Argentina’s president, Alberto Fernández, and the country he leads are entering a dangerous new phase, the Economist reports. Pressure to ease the lockdown is building before the pandemic has peaked. And the government has begun a gambit to support the economy that may end up weakening it further. Success would be the making of his presidency and brighten the future of his Peronist political movement. Failure could be disastrous for both.
“Will he be the creator of a new political hegemony, or author of social chaos if he generates economic havoc?” asked Jorge Fontevecchia, a media mogul, in a newspaper column.
The country’s democracy may be heading for another round of what Laura Tedesco called the cycle of hope and disillusion (above).
Out of power and with promises to jump-start a lagging economy, the fractured Peronists reunified and reclaimed the presidency. Now they must deliver what voters want, argue María Victoria Murillo, director of Columbia University’s Institute of Latin American Studies, and S.J. Rodrigo Zarazaga, director of the Center for Research and Social Action (CIAS) and researcher at the National Scientific and Technical Research Council (CONICET) in Buenos Aires.
In October 2019, Argentina’s incumbent president Mauricio Macri was defeated by Fernández, the candidate of a Peronist coalition. Macri’s 2015 victory was hailed at the time as the onset of a right-wing regional wave, but his 2019 defeat shows that the period to follow was in fact one of higher electoral competition and presidential turnover. The new administration inherited a dire economic situation to be managed by a coalition with different fiscal priorities and no institutional mechanisms for adjudication, they write in Argentina: Peronism Returns, an article for the Journal of Democracy:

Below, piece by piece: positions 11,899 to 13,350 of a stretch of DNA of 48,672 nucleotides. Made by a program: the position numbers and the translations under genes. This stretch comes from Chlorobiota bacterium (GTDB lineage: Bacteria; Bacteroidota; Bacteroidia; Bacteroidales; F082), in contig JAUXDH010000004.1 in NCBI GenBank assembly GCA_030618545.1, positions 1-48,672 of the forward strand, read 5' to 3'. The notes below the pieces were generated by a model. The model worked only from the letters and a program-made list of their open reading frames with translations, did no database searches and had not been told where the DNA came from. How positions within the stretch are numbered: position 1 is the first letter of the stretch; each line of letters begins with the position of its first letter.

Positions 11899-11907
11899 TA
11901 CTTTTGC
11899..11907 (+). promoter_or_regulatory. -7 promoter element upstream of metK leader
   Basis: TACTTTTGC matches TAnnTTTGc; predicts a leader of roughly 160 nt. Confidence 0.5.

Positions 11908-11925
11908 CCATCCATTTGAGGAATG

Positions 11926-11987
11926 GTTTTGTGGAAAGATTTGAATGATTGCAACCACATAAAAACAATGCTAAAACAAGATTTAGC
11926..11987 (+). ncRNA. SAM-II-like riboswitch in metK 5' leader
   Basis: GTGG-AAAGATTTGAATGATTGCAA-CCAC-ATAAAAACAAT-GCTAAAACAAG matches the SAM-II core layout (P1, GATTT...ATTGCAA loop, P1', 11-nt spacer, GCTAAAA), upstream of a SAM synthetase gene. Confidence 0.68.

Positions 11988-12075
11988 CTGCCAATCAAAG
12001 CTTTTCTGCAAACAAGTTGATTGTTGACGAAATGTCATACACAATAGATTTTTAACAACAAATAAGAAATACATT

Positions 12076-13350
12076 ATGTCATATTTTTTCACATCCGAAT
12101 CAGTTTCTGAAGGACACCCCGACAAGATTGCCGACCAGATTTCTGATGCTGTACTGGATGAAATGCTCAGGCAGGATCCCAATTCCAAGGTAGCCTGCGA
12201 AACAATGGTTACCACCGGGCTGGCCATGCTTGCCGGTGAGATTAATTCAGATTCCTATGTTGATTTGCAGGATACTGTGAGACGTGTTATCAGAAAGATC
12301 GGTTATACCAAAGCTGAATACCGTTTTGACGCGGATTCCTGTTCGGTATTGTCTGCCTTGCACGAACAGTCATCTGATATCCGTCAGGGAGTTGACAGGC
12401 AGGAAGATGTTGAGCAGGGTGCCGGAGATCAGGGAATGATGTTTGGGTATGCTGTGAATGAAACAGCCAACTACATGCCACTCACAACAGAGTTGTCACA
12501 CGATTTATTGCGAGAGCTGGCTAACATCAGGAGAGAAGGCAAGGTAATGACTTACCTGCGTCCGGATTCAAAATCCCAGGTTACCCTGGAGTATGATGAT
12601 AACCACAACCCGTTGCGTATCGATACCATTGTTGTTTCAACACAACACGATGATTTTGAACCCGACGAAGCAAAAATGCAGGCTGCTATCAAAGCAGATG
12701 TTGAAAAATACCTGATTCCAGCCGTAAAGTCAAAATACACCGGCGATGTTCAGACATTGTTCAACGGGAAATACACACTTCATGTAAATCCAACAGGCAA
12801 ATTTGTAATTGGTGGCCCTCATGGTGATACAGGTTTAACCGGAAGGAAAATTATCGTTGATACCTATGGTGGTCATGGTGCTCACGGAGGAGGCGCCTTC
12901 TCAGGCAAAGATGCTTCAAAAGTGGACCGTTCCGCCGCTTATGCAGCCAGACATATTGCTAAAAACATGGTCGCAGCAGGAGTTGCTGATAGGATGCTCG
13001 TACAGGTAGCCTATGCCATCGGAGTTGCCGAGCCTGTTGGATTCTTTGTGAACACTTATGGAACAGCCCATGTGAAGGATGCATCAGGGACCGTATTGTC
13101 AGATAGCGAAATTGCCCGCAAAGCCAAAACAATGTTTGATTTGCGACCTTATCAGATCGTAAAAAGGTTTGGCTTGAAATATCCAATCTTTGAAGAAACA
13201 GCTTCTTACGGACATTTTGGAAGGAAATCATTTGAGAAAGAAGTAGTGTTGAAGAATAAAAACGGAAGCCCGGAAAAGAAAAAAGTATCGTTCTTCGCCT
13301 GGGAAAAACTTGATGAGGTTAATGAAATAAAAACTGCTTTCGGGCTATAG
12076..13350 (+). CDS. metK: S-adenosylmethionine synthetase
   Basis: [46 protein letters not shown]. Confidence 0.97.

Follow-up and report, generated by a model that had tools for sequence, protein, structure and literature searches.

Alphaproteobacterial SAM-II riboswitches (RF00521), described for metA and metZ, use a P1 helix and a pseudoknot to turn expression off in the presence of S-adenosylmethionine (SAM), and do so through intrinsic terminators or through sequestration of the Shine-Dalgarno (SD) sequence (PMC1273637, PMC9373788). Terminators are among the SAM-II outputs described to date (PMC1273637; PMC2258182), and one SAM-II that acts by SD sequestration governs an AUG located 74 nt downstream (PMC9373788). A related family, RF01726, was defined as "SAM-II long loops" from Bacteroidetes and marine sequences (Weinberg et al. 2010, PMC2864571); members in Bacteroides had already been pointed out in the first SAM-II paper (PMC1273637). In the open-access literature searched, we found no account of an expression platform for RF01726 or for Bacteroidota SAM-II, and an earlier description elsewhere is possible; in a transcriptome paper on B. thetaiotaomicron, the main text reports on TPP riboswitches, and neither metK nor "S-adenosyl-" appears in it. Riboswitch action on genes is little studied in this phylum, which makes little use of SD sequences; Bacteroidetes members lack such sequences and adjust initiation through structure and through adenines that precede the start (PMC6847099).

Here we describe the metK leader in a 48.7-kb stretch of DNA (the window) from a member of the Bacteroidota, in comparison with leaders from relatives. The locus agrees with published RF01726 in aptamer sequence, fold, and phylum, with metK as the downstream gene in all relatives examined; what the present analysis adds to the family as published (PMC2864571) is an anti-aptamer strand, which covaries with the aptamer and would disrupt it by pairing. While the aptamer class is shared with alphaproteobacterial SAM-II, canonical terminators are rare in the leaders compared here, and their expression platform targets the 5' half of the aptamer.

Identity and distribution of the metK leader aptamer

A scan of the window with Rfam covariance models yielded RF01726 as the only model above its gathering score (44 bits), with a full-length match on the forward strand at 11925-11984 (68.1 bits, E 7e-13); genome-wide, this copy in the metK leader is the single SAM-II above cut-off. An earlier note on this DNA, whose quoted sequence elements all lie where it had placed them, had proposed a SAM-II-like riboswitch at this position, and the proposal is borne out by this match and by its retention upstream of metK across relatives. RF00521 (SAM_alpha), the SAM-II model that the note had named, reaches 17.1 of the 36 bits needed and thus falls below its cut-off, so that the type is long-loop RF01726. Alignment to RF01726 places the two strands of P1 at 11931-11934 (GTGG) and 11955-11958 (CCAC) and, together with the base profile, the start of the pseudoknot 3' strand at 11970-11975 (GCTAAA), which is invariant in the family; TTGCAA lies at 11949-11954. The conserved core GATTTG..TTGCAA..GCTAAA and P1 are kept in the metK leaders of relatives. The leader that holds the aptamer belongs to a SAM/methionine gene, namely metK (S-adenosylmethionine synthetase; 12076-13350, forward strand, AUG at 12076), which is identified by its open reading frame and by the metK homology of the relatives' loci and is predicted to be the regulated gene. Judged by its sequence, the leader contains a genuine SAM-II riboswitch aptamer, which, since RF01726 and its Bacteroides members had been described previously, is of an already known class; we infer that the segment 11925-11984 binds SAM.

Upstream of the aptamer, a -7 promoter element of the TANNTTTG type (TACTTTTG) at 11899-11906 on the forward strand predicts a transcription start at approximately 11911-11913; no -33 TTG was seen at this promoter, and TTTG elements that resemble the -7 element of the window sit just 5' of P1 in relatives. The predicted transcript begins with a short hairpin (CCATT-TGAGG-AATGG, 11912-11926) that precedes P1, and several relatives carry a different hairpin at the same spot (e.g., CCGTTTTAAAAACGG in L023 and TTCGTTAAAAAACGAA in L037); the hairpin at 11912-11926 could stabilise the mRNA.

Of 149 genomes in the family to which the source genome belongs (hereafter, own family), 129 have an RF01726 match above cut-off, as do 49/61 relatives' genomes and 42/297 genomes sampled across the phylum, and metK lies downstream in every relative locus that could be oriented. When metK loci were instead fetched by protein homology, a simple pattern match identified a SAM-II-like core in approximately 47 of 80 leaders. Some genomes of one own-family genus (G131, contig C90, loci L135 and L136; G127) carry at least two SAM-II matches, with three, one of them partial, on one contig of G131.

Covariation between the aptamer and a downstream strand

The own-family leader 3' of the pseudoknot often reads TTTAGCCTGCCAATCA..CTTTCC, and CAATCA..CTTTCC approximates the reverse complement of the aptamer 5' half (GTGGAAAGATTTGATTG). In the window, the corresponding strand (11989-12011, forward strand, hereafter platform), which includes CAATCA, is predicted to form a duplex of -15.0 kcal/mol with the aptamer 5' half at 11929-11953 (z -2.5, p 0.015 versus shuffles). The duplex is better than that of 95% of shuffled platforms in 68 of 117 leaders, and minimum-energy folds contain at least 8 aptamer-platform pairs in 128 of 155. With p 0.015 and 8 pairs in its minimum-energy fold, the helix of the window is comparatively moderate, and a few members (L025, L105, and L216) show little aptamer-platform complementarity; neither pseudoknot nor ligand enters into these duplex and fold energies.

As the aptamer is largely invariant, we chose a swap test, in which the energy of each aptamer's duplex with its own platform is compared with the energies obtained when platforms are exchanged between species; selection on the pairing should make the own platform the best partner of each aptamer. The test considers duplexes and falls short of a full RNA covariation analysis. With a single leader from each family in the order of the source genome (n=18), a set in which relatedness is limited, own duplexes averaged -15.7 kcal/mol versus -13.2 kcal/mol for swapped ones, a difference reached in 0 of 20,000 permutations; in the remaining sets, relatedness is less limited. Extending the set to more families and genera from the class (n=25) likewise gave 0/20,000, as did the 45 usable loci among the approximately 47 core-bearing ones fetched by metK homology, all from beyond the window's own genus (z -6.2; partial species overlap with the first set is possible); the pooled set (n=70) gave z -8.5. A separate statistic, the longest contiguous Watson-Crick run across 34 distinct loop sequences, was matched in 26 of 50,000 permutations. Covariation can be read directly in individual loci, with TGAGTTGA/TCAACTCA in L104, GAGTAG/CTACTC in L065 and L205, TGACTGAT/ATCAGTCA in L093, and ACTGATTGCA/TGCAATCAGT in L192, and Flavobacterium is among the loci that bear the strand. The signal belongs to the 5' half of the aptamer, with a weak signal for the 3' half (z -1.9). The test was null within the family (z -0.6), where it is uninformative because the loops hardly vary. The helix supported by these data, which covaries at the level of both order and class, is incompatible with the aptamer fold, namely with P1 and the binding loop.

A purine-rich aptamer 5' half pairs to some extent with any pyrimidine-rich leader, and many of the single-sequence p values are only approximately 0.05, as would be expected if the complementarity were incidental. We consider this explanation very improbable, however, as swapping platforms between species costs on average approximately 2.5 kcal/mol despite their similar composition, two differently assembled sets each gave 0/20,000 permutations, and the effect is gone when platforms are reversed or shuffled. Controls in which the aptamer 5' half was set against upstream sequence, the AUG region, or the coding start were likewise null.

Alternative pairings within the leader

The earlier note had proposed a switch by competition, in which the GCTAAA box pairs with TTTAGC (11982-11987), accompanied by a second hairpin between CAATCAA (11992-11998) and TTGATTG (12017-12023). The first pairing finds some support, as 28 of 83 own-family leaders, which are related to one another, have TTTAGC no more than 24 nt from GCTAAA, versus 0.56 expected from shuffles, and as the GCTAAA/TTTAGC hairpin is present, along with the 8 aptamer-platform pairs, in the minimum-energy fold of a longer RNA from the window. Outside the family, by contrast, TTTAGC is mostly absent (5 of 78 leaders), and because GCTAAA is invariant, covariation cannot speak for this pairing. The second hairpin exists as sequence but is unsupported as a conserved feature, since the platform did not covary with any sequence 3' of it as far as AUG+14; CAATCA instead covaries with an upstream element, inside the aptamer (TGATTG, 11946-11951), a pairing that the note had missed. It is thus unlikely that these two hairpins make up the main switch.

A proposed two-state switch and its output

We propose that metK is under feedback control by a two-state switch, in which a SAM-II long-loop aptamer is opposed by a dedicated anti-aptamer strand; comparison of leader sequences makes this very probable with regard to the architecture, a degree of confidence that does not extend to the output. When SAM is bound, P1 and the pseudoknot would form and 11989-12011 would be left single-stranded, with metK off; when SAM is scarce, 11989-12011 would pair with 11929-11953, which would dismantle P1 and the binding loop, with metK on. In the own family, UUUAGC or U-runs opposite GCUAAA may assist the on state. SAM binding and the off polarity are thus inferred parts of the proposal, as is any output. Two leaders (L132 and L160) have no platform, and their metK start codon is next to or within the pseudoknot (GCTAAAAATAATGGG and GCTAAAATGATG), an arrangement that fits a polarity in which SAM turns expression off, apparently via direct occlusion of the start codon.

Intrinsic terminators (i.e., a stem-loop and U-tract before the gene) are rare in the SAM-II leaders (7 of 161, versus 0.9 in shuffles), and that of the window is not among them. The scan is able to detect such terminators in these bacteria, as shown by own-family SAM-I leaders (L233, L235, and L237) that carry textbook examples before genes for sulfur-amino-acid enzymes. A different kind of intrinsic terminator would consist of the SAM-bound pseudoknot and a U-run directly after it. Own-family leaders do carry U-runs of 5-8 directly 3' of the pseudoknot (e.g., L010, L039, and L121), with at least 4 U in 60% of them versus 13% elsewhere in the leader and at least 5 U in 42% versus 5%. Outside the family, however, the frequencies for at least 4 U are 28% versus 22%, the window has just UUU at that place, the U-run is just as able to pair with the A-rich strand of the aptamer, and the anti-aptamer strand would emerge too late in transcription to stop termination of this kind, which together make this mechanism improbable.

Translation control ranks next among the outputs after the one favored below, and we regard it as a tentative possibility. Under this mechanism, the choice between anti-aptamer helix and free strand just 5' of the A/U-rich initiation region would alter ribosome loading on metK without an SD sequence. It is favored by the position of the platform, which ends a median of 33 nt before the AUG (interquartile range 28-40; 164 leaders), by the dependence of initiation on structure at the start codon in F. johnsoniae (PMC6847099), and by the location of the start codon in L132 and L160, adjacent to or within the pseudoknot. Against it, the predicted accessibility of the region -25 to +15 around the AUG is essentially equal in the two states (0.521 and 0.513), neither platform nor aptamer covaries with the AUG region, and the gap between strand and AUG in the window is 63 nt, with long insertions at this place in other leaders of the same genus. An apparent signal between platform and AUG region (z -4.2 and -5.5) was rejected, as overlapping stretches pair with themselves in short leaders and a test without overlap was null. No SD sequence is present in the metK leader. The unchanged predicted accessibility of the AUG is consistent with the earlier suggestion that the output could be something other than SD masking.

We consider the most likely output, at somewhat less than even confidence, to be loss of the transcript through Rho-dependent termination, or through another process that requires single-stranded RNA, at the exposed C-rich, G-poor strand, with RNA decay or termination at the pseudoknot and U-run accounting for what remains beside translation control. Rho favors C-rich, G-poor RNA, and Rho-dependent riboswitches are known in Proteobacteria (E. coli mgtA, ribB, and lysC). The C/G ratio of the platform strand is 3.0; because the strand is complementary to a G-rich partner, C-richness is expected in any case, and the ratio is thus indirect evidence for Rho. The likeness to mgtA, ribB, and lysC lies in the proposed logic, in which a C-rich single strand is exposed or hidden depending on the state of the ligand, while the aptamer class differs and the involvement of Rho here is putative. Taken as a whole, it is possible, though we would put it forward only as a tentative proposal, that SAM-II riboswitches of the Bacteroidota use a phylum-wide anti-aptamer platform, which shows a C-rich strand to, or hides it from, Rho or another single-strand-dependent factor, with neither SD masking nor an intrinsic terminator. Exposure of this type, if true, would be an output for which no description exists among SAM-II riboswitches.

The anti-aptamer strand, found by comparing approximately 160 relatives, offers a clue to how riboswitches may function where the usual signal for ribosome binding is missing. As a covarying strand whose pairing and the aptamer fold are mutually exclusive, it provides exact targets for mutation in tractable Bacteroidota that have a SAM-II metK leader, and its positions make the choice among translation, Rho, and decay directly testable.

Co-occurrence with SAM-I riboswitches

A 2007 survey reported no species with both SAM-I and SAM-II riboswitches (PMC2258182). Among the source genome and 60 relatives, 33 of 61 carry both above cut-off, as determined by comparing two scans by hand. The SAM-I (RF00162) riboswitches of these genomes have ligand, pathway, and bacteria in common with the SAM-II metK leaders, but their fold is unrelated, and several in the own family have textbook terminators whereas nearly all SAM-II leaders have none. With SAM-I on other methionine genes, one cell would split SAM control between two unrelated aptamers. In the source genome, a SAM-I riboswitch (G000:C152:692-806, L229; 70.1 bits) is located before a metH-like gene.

Argentina’s ability to achieve a peaceful turnover of power amid regional unrest and deep political polarization at home is good news, but it should not hide the challenges ahead. Argentines went to the polls to bring about the change they wanted, but if their expectations remain unmet their patience may wear out. Argentine democracy has shown a heartening sign of maturity at a difficult time in the region, but political stability will depend on economic outcomes and the public’s perception.